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WATCH: Kamala Squirms When Asked About Her Previous Stance on Law Enforcement

Tom Williams/CQ Roll Call/Pool via AP

Sen. Kamala Harris (D-CA) has labeled herself as a tough-on-crime, "progressive prosecutor," despite multiple left-wing news organizations concluding otherwise. She made herself out to be pro-law enforcement, a law and order kind of Democrat. It was something that backfired during her failed presidential election. Now that Democrats have decided lawlessness and chaos is their MO, she's having to backpedal and work overtime to cover up that image she tried so hard to portray.


That stance came back to bite her in the butt on Sunday when CNN's Dana Bash asked her, point blank, whether or not she's flip-flopped on the public safety issue. 

"Because this is where you come from, law enforcement, and you know, 'top cop' is where you come from, I want to ask about something that you wrote in a 2009 book, which is: 'If we took a show of hands of those who would like to see more police officers on the streets, mine would shoot up.' And then in June of this year you said to the New York Times, 'It is status quo thinking to believe that putting more police on the streets creates more safety. That's wrong.'" Bash read. "So, my question for you now, in retrospect, looking at your time as DA and Attorney General of California, through the lens of 2020, did you help contribute to what you describe as a 'status quo thinking,' that more police equals more safety?"

Harris became visibly uncomfortable at the question. After all, it wasn't that long ago that she claimed to be the DA who would prosecute crimes (and even went so far as to lock up a high number of African Americans for truancy-related issues). 

"I'm very clear that we've got to, in America, reimagine how we are accomplishing public safety and what I believe now and what I believe then remains true and consistent, which is, if you look at the communities that have no or very little police presence, as compared to those who have a high degree of police presence, you will see stark differences," the vice presidential nominee replied.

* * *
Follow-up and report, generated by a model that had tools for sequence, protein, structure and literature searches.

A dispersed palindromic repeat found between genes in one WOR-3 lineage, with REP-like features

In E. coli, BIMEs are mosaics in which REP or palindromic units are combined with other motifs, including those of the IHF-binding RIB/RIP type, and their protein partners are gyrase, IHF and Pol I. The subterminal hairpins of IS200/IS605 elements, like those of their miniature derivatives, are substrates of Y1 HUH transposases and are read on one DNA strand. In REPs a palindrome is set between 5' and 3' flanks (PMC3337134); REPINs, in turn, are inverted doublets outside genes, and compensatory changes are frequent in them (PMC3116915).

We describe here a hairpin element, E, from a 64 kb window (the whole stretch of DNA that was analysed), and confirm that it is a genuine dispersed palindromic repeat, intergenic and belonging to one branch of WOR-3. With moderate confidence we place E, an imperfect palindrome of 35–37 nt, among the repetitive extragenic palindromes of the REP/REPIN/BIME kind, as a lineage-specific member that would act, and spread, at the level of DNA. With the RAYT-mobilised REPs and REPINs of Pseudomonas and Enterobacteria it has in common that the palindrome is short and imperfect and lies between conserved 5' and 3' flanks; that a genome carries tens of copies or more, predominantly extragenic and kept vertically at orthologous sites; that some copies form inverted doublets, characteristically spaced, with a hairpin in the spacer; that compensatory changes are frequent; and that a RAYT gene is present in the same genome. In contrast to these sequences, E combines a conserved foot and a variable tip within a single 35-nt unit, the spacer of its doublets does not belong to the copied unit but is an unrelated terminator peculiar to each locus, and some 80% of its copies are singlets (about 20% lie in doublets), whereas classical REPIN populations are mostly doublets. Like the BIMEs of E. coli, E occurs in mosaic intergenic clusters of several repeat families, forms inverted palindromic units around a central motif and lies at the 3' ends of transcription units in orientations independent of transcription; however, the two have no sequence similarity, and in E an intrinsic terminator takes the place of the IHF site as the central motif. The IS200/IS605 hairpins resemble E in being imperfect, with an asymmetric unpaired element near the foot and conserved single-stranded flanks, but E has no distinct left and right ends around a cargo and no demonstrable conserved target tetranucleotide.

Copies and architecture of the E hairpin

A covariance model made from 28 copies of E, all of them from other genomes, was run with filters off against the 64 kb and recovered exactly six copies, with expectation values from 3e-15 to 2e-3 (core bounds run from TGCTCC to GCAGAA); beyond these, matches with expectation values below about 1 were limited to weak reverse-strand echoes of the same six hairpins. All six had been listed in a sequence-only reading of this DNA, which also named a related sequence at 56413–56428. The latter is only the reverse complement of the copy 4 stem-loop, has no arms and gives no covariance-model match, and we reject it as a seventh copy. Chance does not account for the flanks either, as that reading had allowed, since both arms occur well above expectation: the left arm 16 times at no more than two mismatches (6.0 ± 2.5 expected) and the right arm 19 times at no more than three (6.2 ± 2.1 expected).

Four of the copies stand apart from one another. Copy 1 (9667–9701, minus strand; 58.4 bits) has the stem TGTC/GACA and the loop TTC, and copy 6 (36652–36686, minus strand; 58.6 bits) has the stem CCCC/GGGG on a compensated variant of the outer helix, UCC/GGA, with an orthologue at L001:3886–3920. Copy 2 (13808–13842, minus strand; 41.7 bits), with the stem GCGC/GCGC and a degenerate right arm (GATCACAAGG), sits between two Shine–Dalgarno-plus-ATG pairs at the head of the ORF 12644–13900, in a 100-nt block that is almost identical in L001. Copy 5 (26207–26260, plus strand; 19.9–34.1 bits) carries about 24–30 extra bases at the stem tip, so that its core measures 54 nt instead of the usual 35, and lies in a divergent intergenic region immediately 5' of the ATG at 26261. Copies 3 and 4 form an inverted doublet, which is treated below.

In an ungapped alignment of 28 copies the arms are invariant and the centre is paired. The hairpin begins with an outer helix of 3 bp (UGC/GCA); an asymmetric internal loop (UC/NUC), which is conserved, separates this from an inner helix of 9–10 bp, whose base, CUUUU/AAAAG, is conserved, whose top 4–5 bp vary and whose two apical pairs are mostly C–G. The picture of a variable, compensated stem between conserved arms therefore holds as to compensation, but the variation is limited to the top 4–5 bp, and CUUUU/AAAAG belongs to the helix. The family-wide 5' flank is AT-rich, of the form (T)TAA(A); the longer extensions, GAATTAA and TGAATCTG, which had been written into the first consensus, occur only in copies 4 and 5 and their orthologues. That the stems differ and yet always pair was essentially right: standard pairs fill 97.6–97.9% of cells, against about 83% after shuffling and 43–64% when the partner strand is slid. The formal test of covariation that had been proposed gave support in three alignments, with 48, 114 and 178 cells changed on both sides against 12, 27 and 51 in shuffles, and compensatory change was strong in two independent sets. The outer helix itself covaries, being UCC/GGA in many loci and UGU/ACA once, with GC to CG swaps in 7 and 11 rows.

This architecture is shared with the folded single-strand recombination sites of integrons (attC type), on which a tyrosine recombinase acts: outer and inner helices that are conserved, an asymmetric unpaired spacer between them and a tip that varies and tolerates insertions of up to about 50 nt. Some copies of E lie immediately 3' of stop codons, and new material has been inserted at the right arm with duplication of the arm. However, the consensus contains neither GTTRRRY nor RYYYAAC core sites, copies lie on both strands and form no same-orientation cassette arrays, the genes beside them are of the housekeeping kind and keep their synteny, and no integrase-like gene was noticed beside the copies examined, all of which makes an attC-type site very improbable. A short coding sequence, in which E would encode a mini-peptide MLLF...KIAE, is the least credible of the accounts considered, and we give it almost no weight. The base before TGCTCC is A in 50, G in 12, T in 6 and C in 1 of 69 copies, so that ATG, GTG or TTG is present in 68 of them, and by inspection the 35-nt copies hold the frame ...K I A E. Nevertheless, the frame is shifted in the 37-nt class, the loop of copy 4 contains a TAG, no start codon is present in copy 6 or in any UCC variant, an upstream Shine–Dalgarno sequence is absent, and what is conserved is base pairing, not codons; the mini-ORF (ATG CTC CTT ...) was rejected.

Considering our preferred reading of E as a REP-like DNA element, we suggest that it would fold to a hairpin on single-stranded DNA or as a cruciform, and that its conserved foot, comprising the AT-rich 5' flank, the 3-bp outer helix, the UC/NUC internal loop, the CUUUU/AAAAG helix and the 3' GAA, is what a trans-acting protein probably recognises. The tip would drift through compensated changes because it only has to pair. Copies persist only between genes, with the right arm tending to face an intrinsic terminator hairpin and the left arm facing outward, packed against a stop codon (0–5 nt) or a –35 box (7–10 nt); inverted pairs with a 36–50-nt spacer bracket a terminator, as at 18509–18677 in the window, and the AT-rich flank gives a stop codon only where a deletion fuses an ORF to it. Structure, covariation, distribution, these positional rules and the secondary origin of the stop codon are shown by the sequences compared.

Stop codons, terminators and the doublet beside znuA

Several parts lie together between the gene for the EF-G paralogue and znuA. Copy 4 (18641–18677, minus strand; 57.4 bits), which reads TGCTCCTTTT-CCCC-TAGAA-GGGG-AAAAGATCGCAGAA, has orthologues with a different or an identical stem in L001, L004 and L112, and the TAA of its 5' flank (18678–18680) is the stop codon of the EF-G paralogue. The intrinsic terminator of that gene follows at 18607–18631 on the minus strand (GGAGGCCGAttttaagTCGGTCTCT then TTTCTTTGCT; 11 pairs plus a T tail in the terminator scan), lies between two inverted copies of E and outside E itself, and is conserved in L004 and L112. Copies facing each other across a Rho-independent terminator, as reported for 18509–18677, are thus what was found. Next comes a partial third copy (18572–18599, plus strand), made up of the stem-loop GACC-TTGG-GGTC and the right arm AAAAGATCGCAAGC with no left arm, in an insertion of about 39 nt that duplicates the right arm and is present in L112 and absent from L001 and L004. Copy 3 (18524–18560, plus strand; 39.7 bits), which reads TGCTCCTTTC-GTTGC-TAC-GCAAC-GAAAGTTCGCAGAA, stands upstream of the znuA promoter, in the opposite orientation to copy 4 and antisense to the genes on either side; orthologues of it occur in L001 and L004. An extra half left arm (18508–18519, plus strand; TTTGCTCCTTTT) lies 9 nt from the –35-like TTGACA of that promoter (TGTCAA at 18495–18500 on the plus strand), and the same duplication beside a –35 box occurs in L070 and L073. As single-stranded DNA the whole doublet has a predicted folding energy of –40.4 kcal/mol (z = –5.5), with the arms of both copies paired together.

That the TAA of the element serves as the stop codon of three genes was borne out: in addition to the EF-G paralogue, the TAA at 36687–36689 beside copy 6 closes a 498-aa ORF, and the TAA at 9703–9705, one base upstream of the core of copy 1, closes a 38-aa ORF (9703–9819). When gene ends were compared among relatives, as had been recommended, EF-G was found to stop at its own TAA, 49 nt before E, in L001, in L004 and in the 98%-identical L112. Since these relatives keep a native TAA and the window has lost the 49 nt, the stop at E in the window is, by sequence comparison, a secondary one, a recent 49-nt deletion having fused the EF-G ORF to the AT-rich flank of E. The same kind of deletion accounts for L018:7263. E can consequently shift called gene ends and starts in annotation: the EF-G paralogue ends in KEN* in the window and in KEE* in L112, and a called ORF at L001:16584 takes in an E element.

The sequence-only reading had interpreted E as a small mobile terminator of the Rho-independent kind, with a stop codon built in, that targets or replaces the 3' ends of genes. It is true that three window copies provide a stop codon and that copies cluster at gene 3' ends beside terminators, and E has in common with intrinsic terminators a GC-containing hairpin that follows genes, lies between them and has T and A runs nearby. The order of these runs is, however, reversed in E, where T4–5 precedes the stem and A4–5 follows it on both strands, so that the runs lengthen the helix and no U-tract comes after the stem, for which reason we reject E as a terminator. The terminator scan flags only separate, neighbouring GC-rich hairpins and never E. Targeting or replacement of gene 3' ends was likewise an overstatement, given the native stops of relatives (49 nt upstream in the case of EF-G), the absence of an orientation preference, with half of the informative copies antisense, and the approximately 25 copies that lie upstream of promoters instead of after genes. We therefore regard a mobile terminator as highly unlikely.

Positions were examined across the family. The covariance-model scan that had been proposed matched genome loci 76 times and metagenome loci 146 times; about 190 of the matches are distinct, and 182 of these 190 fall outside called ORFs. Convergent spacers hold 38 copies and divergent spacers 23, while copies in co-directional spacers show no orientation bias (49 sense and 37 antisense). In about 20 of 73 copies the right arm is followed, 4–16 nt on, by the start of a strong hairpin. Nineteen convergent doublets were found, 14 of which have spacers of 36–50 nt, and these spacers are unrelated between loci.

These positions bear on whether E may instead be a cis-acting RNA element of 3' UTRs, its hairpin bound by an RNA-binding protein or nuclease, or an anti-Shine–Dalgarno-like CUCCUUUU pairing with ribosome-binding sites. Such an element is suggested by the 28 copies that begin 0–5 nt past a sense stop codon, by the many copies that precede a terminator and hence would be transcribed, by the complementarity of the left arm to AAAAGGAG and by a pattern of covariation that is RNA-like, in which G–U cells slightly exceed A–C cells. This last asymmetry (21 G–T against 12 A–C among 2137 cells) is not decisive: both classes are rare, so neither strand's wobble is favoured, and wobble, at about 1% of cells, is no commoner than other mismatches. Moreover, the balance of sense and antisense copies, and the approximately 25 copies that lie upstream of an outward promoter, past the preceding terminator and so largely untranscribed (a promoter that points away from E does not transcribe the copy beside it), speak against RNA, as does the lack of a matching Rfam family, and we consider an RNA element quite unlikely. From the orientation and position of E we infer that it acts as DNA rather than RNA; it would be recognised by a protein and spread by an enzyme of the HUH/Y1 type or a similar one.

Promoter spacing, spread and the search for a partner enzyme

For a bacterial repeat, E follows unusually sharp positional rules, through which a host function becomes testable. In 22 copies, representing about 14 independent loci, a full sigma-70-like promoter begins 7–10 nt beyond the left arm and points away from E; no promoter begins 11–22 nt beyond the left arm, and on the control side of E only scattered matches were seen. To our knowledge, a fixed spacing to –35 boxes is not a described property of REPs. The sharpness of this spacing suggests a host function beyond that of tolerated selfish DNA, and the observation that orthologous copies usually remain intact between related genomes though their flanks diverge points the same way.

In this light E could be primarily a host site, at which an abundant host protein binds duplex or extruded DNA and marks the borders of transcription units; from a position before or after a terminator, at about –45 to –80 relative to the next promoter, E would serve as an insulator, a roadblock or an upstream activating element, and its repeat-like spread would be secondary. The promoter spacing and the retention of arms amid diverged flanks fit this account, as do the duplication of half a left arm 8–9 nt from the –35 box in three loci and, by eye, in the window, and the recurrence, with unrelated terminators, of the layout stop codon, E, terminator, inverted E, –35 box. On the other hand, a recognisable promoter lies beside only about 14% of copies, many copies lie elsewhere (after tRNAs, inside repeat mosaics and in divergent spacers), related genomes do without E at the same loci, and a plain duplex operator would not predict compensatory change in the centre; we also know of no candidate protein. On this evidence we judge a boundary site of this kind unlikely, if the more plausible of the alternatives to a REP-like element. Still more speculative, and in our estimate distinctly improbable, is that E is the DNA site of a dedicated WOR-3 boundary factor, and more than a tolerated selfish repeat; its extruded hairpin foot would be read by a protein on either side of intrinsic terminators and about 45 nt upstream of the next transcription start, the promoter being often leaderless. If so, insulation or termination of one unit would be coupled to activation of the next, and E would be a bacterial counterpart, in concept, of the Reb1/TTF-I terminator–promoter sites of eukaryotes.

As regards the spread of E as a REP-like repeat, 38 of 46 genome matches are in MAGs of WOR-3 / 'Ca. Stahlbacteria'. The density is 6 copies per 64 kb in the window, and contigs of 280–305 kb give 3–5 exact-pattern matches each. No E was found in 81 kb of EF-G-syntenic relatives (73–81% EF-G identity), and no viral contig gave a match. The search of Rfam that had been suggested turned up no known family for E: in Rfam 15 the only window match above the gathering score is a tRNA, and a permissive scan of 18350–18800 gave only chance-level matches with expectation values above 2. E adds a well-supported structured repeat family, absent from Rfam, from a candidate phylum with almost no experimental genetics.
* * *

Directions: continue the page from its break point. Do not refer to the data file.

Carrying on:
According to Harris, the biggest differences in areas where less law enforcement is present has to do with resources. 

"What you will see is well-funded public schools, higher rates of home ownership, small businesses that have access to capital," she said. "You'll see families who have jobs where they don't have to worry about getting to the end of the month and feeding their children."

She said investing in communities is the way to have safe communities, although she failed to explain what exactly that means and looks like. Of course, Harris also failed to answer Bash's follow-up question: would her hand still shoot up in favor of more of a police presence? 

"I would say now, which is what I would say then, which is if a woman is raped, a child is molested, or one human being murders another human being, that there will be a police officer that responds to that case and that there will be accountability and consequence," she said matter-of-factly. 

It's hard to know what Harris thinks or believes. She flip-flops so much. Her "tried and trued" stance seems to be whatever the popular opinion of the day is.


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